Most Read Contributor in Hong Kong, September 2016
Keywords: competition, Hong Kong, information
Don't Let The Cat Out Of The Bag
Information exchange is an area of competition law that is rife
with risk. There are few bright line rules on what can and cannot
be exchanged, the scope of the prohibition is potentially extremely
broad, and the risk of inadvertent breach is high as
anti-competitive information exchange may occur spontaneously in
informal settings such as social gatherings or trade association
Figuring out what you can and cannot say to a competitor is not
a straightforward task, but it is an important one.
Once you let the cat out of the bag, there's no going
WHY IS INFORMATION EXCHANGE AN ISSUE?
Information is power. Communications between businesses take
place on a daily basis and are more often than not legitimate.
Competitor intelligence enables more informed competition and
business practice, improves market sensitivity and facilitates
industry benchmarking and self-regulation.
But with power comes responsibility, and businesses cannot
always be entrusted with commercially sensitive information. The
disclosure, exchange or use of commercially sensitive information
in and of itself could in some circumstances be unlawful,
especially when it enables competitors to become aware of their
competitors' market strategy. The sharing of commercially
sensitive information artificially reduces competitive uncertainty
in the market, potentially enabling competitors to align their
conduct to maximise profits jointly rather than focusing on
lowering prices and improving the quality of goods and services to
Information exchange is particularly risky where competitors
gather under the auspices of an industry or professional
association, on occasions such as committee meetings, working
groups, conferences and briefings, where the concentration of
competitors in the room means a single disclosure of competitively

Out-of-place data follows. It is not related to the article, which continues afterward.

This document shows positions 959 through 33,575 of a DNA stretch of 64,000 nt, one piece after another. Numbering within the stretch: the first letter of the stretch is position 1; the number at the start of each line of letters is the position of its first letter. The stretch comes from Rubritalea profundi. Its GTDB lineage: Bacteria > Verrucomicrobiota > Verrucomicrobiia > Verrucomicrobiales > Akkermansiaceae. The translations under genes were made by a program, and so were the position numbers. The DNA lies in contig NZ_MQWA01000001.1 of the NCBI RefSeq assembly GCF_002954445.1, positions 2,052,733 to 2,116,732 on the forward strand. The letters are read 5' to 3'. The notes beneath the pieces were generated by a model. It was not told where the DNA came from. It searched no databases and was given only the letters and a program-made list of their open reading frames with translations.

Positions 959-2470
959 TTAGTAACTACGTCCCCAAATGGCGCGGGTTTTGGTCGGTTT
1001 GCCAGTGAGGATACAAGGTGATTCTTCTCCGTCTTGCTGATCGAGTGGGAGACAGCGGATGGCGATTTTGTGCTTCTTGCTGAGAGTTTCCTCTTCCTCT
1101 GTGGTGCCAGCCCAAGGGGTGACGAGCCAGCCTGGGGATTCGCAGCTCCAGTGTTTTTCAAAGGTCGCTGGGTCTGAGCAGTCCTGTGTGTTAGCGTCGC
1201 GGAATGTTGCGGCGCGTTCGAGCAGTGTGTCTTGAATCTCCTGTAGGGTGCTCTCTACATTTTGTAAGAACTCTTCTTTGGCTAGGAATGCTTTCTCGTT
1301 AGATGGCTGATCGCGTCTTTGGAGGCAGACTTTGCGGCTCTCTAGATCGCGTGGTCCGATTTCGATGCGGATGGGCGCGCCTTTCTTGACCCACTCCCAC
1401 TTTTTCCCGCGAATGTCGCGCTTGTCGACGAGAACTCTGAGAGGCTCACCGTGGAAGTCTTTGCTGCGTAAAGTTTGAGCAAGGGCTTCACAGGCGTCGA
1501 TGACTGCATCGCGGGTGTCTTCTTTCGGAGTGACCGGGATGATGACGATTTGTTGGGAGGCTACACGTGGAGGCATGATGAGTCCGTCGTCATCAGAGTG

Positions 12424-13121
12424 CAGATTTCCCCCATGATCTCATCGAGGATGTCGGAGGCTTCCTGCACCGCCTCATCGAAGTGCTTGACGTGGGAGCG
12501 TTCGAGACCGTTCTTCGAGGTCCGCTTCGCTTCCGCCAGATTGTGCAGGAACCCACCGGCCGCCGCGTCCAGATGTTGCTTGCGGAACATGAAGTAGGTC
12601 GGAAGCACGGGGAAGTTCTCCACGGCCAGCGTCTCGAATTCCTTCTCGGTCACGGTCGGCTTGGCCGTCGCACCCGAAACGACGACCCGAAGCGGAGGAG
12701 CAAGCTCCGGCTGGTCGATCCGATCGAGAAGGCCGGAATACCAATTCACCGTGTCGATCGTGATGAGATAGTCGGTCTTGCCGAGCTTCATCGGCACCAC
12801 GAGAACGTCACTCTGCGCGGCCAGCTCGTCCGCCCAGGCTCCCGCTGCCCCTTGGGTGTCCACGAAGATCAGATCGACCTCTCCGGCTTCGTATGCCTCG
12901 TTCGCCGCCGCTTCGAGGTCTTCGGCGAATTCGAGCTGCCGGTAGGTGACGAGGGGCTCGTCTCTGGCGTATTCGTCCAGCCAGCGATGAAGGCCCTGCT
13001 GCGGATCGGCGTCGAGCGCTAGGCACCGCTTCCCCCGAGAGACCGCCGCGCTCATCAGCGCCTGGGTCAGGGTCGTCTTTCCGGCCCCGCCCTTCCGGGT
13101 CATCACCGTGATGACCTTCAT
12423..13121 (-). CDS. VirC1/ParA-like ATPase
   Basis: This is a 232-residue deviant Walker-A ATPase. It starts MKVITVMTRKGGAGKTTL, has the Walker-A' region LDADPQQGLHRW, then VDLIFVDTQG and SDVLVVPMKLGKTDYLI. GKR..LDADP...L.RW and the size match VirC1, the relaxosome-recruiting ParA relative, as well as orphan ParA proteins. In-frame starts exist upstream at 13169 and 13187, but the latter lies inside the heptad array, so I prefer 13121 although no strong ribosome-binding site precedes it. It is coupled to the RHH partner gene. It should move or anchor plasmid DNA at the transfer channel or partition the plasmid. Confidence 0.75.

sensitive information could be particularly damaging.
WHAT CAN YOU SAY AND NOT SAY?
Whether information can be legitimately exchanged depends very
much on the context of the disclosure/ exchange and what the
parties intend to do with it. Generally, if the information is not
publicly available, and its receipt may influence the
recipient's conduct on the market, disclosing it to a
competitor may be problematic.
The following chart sets out roughly where the risk areas are.
It is not to be taken as a substitute for case by case analysis,
but it provides an idea of when you may need to take a step back
and consult your legal advisors before proceeding with a
Generally, the more frequent and regular the exchanges of
information, the greater the likelihood of anti-competitive harm.
That being said, in some circumstances, even one isolated exchange
of competitively sensitive information can give rise to a concerted
WHAT IF A COMPETITOR DISCLOSES UNSOLICITED SENSITIVE
INFORMATION TO YOU?
The mere receipt of commercially sensitive information could be
sufficient to implicate you if you fail to immediately object to
the disclosure of that information! The burden is on the recipient
to prove that it did not use the information received, and this can
be a challenging burden to satisfy. If in doubt, do not simply sit
on the information received; contact your legal advisors
immediately for assistance to formulate a plan of action.
Next week we will introduce group boycotts, a type of
anti-competitive conduct competition authorities typically regard
as a serious violation of competition law.
1 Additionally, disclosing private information may be a
breach of your confidentiality obligations.
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This article provides information and comments on legal
issues and developments of interest. The foregoing is not a
comprehensive treatment of the subject matter covered and is not
intended to provide legal advice. Readers should seek specific
legal advice before taking any action with respect to the matters
discussed herein. Please also read the JSM legal publications
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